I tossed and turned in my bed as I anxiously waited for my clock to slowly, but surely change to 10:30 p.m. I repeatedly refreshed the drill team home page to see if the lists had been posted. I became anxious as I ran through all the different possible outcomes. I wanted to be confident in how my tryout went, but not too confident that I would be shocked if I got cut. Finally the lists were there. I scrolled up and down the page looking for my name. I had been cut.
My stomach flipped and my face grew hot, sending chills down my arms as I was unable to swallow and tell my mom the news. Why? How? I was in shock. As the tears streamed down my cheeks and dripped onto my phone screen, my messages were flooding with texts reading “I would give up my spot for you,” “Don’t let this define you, you are more than drill team” and “Ellie, you do not deserve this.” But somehow none of those things comforted me.
I danced since I was two years old and was on a competitive team from fourth grade on, quitting basketball and soccer to focus on it more. All the time, effort and money. After spending the majority of my childhood in the basement of Dancerz Unlimited in the Corinth shopping center, learning dance after dance year after year, it was over.
At first I didn’t understand, but I had to. I had no other choice but to move on. By no means was that easy, I cried for several days just thinking about not having drill team be apart of my life. I had to understand that it was a blessing in disguise. Now I would be able to be involved in Harbinger and gain skills that I would not get otherwise. I could dedicate time toward student council and the international business organization DECA. Don’t get me wrong, I wouldn’t trade those two years as a Lancer Dancer for anything. Even though I got cut, I have found other activities to fill that missing piece of me, recreating the puzzle.
I have made so many connections outside of the basement drill team room that I never dreamed of discovering. I took 21st Century Journalism my sophomore year, not really sure if I would like it. After being cut from dance, I knew instantly journalism was something I had to take part in. I quickly made 84 new friends that I wouldn’t have otherwise. At a large high school like East, there are so many opportunities to become involved. I realized that I didn’t have to be confined to just one activity. I could become involved in so many groups.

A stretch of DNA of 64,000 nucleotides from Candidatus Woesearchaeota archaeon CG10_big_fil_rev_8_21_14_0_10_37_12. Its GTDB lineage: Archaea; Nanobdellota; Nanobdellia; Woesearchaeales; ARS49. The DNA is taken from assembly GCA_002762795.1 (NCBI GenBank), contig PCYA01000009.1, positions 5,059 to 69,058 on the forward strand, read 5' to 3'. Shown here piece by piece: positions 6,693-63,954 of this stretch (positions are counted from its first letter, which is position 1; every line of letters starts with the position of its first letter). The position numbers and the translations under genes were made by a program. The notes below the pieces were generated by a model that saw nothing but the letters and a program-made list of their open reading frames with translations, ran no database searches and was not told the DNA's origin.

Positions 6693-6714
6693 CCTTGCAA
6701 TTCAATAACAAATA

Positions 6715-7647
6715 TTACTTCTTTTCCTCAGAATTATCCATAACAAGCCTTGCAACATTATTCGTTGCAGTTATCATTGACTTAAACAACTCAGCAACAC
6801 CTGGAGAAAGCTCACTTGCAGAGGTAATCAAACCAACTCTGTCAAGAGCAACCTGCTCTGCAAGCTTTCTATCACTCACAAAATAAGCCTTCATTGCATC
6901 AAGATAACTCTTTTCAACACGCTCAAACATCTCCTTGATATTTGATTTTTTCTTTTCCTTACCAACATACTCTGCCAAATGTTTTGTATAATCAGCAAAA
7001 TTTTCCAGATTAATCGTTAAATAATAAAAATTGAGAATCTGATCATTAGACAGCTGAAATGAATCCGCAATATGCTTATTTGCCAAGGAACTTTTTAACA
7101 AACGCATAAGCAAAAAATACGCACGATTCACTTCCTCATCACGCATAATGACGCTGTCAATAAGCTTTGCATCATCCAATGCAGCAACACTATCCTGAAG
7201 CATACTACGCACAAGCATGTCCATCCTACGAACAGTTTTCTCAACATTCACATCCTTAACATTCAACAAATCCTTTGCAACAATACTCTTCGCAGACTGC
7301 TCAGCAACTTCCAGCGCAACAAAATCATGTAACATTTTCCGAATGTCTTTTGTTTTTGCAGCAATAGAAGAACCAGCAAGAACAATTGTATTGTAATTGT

Without being cut, I wouldn’t have the ability to put forth time and effort into planning each school dance being a committee chair— whether it’s homecoming, morp or WPA. I now enjoy a nice, warm doughnut each Wednesday morning at 7 a.m., instead of having to put on the uncomfortable tight uniform for a basketball game day. By being Senior Class Vice President, I can dedicate my time toward making sure that people will come to activities by having free Chik-Fil-A and planning class reunions in the future.
Drill team takes up a full year long elective, which means that I would not have been able to participate in Marketing One or DECA. Being apart of DECA has taught me what it will be like to be in the real world as a businesswoman. I can now bring skills like the four R’s of Marketing and knowledge of successful media types to college and my future careers. I have learned that being confident is the majority of getting a job. This international organization is one that not everyone gets the chance to participate in.
My schedule is now still just as full as it was with drill team. I am able to dress the theme each football game and not have to wear out my arms doing cadences during the entire game. I am able to have free time after school instead of heading straight to dance practice for four hours, constantly searching for any excuse to skip.
I am a true testament to thriving after losing something that I once cared so much for. I still care about dance. I sit in the audience of the Lancer Dancer Spring Show and support them just as I did before. After being cut, I have realized how many great talents I have other than dance.
I have an appreciation for the Lancer Dancers who made it instead of me. All of those girls deserved to make the team, and proved their worth throughout the year. I smile proudly as I watch the girls walk out as one. There are times that I wish I was up there with them, but I know now that I have other things to do besides drill team.